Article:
The requirement for essential workers to have a minimum of one dose of vaccine to cross the NSW border from 21 August has led to calls for more doses of the Pfizer COVID-19 vaccine to be allocated to Northern NSW.
Tweed Shire Councillor James Owen (Liberal) has written to the Prime Minister and NSW Premier as well as Greg Hunt MP, Minister for Health and Aged Care, Premier of New South Wales and Brad Hazzard MP, Minister for Health and Medical Research ‘to urgently request more doses of the Pfizer COVID-19 vaccine be allocated to the Tweed Shire as a matter of urgency’.
Any essential worker who has permission to cross the border to enter or return to Queensland ‘must have received their first dose of the COVID-19 vaccine and be able to produce evidence of their vaccination and a valid border zone travel pass,’ the Queensland government announced on Wednesday, 16 August.
To further suppress the spread of the Delta variant into Queensland, Chief Health Officer Dr Jeannette Young has advised ‘only absolutely essential workers, who have a border exemption to enter Queensland from New South Wales, and must also have had at least one dose of the COVID-19 vaccine by 1am Saturday 21 August can enter Queensland or enter NSW from Queensland and then return to Queensland.’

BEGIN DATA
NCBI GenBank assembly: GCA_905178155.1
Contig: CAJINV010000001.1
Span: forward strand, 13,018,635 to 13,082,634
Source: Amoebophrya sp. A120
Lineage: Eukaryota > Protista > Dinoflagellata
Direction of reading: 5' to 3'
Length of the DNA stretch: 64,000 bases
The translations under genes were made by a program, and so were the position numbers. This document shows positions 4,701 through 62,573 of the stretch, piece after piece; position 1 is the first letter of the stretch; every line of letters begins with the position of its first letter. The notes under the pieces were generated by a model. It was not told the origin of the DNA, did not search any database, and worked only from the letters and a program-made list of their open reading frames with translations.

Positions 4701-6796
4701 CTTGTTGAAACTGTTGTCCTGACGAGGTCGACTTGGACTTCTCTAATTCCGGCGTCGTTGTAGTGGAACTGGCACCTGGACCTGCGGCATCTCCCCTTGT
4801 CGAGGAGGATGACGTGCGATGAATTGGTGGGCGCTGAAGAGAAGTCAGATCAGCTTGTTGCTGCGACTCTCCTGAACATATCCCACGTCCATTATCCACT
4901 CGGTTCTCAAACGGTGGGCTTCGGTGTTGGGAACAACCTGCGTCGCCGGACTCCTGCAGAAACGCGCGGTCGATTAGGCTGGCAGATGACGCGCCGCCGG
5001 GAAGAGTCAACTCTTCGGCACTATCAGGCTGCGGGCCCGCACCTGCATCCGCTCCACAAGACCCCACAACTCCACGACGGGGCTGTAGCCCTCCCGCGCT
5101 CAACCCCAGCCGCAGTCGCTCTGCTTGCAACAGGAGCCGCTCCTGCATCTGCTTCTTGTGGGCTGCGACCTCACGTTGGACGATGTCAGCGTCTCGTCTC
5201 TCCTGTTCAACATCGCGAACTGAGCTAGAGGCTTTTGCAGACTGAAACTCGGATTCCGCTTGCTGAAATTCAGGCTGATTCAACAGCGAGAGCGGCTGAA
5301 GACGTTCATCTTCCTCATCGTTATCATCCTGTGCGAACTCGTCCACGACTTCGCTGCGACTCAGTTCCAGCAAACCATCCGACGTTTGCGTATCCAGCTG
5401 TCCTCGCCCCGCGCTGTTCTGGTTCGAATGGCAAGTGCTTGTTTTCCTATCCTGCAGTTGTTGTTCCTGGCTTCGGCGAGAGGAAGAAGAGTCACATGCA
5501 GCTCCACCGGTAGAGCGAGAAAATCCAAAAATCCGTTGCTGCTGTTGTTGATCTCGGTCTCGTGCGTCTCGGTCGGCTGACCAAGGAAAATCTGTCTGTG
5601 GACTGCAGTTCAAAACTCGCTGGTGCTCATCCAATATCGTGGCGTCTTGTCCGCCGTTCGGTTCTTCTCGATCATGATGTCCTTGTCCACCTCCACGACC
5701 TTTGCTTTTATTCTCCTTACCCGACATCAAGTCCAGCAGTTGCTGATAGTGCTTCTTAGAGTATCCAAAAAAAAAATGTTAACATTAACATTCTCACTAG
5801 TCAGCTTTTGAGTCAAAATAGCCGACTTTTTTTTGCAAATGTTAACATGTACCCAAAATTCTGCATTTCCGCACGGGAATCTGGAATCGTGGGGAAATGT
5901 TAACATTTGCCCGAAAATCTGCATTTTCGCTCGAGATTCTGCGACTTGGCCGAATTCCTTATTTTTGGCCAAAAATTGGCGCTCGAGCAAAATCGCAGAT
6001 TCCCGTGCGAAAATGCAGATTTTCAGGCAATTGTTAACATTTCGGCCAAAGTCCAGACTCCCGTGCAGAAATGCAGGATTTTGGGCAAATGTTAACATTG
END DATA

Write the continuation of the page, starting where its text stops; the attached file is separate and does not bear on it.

This group includes: police, health workers and construction workers who have to carry out essential construction activity.
“If it’s not absolutely essential, please I urge you not to cross the border to go into Queensland from NSW or to enter New South Wales from Queensland,’ Dr Young said.
Those individuals, who commute between the border zone frequently for essential work and have not yet received their first dose of the COVID-19 vaccine will be fast tracked to receive the COVID-19 vaccine at a Queensland Health vaccination facility.
New South Wales essential workers who have not had their first dose will not be permitted to enter Queensland.
Councillor Owens said in the letter that ‘for many essential workers in the Tweed Shire this announcement has left them desperately searching for a vaccination appointment in the next four days. If they are unable to source an appointment it will mean they can no longer carry out work in Queensland.
‘Vaccination appointments are scarce in the Tweed Shire and the wait for a Pfizer COVID-19 vaccine appointment is months at present. For those that want to be vaccinated, and who choose the Pfizer COVID-19 vaccine as their preferred vaccine, for medical reasons or other, there must be doses available to them,’ he continued.
‘Here in our border community, we are in a desperate situation. We are pleading for support from both the NSW State and Federal Governments to help us to keep our heads above water. Please allocate more doses of the Pfizer COVID-19 vaccine to the Tweed Shire as a matter of urgency.’